Time is ultimately a major consideration. The ULUPRP, or uniform land use review procedure, has a mandated timeline and cannot be stopped. While they want us to scrap our plan and begin anew — a process that would take years — new high-rise, luxury buildings and hotels are being erected. By the time a new plan for the entire district, an unlikely prospect, could be drafted, there would be nothing left to talk about!

Cooper Square M.H.A., along with many other housing organizations, including AAFE from Chinatown, tenant advocates and settlement houses, strongly support the Department of City Planning rezoning proposal, along with C.B. 3’s 11 points calling for an increase in the percentage of affordable housing and tenant protections. It is not a perfect plan. It will not put an end to the development of luxury housing and hotels in our community. But it will help curb the outrageous Wild West development fever we are experiencing. Perhaps, by providing some limited zoning bonus opportunities to developers of affordable housing, it may even lessen development pressures in Chinatown. And, yes, it is a hell of a lot better zoning than what we currently have.

I requested a meeting with Juan and a group of Lower East Side community activists to allow us to more fully explain our position. I recently spoke to Juan — who apologized for not getting back to me sooner — and he indicated he would be glad to meet with me and other members of the Lower East Side Coalition for Accountable Zoning. I am writing our de facto newspaper of record, The Villager, to once again present these basic facts to the public. 
 Valerio Orselli
Orselli is executive director, Cooper Square Mutual Housing Association


Our white elephant

To The Editor:
Re “Our knack for defeating ‘absolutely necessary’ projects” (talking point, by Gary Tomei, July 23):

Here we Villagers are again, fighting the same battle, development versus preservation. Mr. Tomei’s piece was eloquent and touched on several salient points.

I’m in agreement on the St. Vincent’s project, and feel that a huge, state-of-the-art, urban hospital center would be far better placed along the West Side, with efficient highway access, not on Seventh Ave. in Greenwich Village surrounded by many, crooked, little streets!

Let’s face it, St. Vincent’s has outgrown the Village and must move elsewhere for its new home. It’s modeling its behavior on N.Y.U., trying to shoehorn its elephant feet into ballet slippers.

They might be able to do it, but they’ll never dance again.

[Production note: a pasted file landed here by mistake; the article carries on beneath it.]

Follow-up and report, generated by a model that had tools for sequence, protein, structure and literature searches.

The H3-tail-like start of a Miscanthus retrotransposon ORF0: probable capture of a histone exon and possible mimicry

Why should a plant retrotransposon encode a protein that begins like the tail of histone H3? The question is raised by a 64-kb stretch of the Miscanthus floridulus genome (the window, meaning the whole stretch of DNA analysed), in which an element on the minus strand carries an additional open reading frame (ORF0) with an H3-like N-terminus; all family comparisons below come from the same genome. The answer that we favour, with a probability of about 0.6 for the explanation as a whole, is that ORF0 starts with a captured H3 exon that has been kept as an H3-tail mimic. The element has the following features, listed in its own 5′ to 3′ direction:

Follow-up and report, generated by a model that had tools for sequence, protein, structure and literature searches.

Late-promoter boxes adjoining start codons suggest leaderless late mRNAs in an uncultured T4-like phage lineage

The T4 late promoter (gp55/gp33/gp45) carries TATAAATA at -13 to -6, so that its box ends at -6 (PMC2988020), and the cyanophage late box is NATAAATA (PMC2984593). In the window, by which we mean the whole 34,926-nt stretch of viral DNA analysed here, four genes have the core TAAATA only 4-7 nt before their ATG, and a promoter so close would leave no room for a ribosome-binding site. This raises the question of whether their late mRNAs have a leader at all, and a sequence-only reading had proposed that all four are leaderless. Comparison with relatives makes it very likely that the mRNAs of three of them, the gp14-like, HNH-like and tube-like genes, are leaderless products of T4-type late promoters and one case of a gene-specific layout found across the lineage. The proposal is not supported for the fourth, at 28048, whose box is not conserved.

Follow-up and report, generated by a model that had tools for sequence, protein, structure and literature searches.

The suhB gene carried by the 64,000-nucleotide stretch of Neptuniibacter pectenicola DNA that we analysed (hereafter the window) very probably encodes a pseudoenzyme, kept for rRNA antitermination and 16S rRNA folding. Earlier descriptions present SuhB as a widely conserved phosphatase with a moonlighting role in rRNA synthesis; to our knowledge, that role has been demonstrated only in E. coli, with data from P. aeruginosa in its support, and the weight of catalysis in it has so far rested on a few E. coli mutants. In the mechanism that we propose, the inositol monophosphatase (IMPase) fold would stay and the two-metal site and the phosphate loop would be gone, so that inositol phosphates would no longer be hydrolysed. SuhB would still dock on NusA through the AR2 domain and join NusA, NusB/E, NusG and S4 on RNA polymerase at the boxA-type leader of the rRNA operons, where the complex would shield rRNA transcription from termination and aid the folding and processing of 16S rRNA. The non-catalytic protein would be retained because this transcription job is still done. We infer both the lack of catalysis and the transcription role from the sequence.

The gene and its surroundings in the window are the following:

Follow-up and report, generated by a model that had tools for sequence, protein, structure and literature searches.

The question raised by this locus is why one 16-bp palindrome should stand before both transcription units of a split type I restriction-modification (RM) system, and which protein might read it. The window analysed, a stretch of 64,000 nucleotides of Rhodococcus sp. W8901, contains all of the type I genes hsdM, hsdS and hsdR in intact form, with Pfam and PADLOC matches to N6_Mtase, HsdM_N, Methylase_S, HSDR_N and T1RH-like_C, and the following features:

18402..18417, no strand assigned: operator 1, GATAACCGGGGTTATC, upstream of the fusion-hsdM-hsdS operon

Joanne Milazzo


Wrong PEP priorities

To The Editor:
I’m hoping that if there is any belt-tightening at the Hudson River Park to be done during this economic downturn, it might include whittling down the number of Park Enforcement Patrol officers policing the Hudson River Park. They are a ubiquitous, watchful presence along the river in the Village. Honestly, it’s rather pleasant to bike uptown and escape the relentless ticket-writing and petty harassment. Upper West Siders, you don’t know how good you have it!

On a recent beautiful Saturday evening, I strolled up the river after going to a movie with my son. About a dozen of these PEP’s were directing traffic for the party/gambling boat docked at Pier 40 when it came back to port. I was very annoyed that my tax dollars are paying for traffic control for a private enterprise. The boat should provide its own parking staff.

Here’s the best part: Just yards away from where the multiple PEP’s were directing me to get out of the way of the exiting gamblers were scores of youth partaking in an open-air drug bazaar. As the drug deals were going down, the PEP’s, all of them as far as the eye could see, were busy directing traffic. Not one PEP officer was to be seen anywhere near the hundreds of partying kids. If something happened to any of those kids, I think the park would be liable, since no one was monitoring the standing Saturday night party at Christopher St.

I might not be so annoyed with the PEP’s when I visit the park if I thought they were actually keeping the park safe. That is not the case.
Beth Conard


New square: I’m there

To The Editor:
When I was a student at New York University many years ago, I remember my parents warning me about Union Square Park. “Never go there,” I was told. “It is dangerous. You could be mugged, robbed or even worse.” I think they would sing a different tune if they were around today.

Thanks to the dedication and hard work of the New York City Department of Parks and Recreation, the Union Square Partnership and many supporters, Union Square Park will be an oasis amidst all the steel, glass and construction encountered every day in the neighborhood, where buildings are springing up like mushrooms.

How delightful it will be to have a space where one can see some green, smell the roses, relax, walk around — a people-friendly area where one can read a book, eat lunch, perhaps see entertainment. Though the space is small, I am so glad that the Greenmarket will thrive, the playground will be enlarged, and an affordable restaurant will be available with restrooms and other amenities.

How wonderful to know that there is an escape hatch — Union Square Park. What I like most is that all populations from toddlers to seniors have been considered. I am so thankful to the dedicated park staff and those who put in so much time and effort to make this possible. Thank you so much for this gift to our community and city, and if any volunteers are needed, I am available.
Lillian Libertoff